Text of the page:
Assume a skyscraper and a passenger that only uses the elevators. All elevators go from the first to the last floor. Does the length of time the passenger wait (on average) depend on the floor? (i.e. is average wait time of passenger on the 10th floor shorter than that for a passenger on the 30th floor?).

  • Let's consider most common scenario: the majority of elevator designs are developed from Up Peak Round Trip Time calculations.

  • Elevator traffic pattern: down peak traffic

  • There are 3 elevators in building (1 big, 2 small). But considering that relative estimation is required the quantity of elevators I think doesn't mater.

I believe this question can rely on Queueing theory. But I can't create this tag. There is also simulation software for design of buildings and elevators.


1 Answer 1


Yes. Lower floor passengers will have a lower expected wait time.

This is because the only way to exit the building is from the first floor. And every user of the elevator will need to exit the building at least once. This makes the first floor the most likely end point for any given passenger. Since the elevators will only move in response to a request, there will be a higher portion of waiting elevators waiting in place on the first floor. Which means a shorter wait time for a passenger on the 2nd floor as compared to, say, the 100th floor.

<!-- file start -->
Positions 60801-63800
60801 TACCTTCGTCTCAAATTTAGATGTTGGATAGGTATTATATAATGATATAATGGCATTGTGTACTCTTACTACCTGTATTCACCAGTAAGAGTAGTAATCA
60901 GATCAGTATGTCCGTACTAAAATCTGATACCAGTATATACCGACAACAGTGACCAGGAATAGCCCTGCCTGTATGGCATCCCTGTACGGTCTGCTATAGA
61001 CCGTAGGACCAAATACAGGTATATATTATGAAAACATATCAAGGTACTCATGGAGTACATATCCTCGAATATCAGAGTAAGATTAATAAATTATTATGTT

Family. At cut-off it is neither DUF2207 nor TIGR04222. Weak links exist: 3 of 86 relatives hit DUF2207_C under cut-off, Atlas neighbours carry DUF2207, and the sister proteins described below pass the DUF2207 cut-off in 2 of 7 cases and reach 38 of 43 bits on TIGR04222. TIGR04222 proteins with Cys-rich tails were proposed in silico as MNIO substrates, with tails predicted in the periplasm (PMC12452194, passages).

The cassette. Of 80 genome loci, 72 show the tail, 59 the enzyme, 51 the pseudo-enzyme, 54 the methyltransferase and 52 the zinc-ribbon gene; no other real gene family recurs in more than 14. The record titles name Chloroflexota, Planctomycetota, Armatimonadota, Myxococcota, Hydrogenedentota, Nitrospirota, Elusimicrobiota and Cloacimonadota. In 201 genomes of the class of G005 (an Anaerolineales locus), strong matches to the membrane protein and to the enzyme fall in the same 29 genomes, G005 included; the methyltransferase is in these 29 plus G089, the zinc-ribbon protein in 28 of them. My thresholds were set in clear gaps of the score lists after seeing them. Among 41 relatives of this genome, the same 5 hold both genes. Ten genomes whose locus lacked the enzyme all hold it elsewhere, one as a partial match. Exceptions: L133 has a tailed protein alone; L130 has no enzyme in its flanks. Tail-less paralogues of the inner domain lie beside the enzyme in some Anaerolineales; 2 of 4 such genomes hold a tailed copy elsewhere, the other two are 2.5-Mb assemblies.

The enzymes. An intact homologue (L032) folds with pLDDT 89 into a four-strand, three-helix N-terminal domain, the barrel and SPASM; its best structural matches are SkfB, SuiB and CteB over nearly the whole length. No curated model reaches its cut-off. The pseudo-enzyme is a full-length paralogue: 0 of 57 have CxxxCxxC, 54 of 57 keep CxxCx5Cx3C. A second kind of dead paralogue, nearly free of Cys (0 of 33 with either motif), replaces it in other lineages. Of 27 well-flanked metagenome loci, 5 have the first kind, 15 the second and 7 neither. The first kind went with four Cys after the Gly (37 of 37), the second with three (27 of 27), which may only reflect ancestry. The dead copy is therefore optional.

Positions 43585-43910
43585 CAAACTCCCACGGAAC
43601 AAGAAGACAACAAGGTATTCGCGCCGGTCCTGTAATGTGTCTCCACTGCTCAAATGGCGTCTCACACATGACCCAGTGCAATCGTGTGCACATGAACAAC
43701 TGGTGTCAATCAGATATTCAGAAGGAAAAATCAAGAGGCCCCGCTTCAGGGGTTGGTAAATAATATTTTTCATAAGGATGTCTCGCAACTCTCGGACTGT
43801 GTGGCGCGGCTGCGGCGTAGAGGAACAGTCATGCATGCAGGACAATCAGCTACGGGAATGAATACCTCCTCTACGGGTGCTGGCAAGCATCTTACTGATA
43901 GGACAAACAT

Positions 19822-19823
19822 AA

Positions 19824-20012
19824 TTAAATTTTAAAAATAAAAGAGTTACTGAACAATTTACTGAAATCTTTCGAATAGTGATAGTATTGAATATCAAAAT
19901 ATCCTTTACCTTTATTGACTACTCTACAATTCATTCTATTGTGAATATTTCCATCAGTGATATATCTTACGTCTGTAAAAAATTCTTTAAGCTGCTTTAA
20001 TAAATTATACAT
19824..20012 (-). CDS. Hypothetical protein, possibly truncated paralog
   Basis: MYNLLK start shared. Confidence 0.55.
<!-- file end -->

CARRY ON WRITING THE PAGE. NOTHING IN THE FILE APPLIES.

• 1
    $\begingroup$ It's not that simple, because the elevator doesn't wait on any random floor. In a business building, at 5pm (when people begin to leave work), elevators will wait on different floors to optimize throughput, while most elevators will be on first floor at 8am (when people arrive at work). $\endgroup$
    – Jacen
    Nov 26, 2015 at 17:18
  • $\begingroup$ @jacen: You have made several assumptions about the elevator behavior that are not contained in the question. $\endgroup$
    – Mowzer
    Nov 26, 2015 at 22:46
  • $\begingroup$ What the OP asked and what reality is are different things. I prefer that reality be answered. During peak down times, the controllers may well select higher floors over lower ones because more people are anticipated to be there, or simply because that allows the elevator to minimize the number of inefficient up/down cycles to lower floors (i.e. might not even fill the elevator). $\endgroup$ Nov 28, 2015 at 18:11

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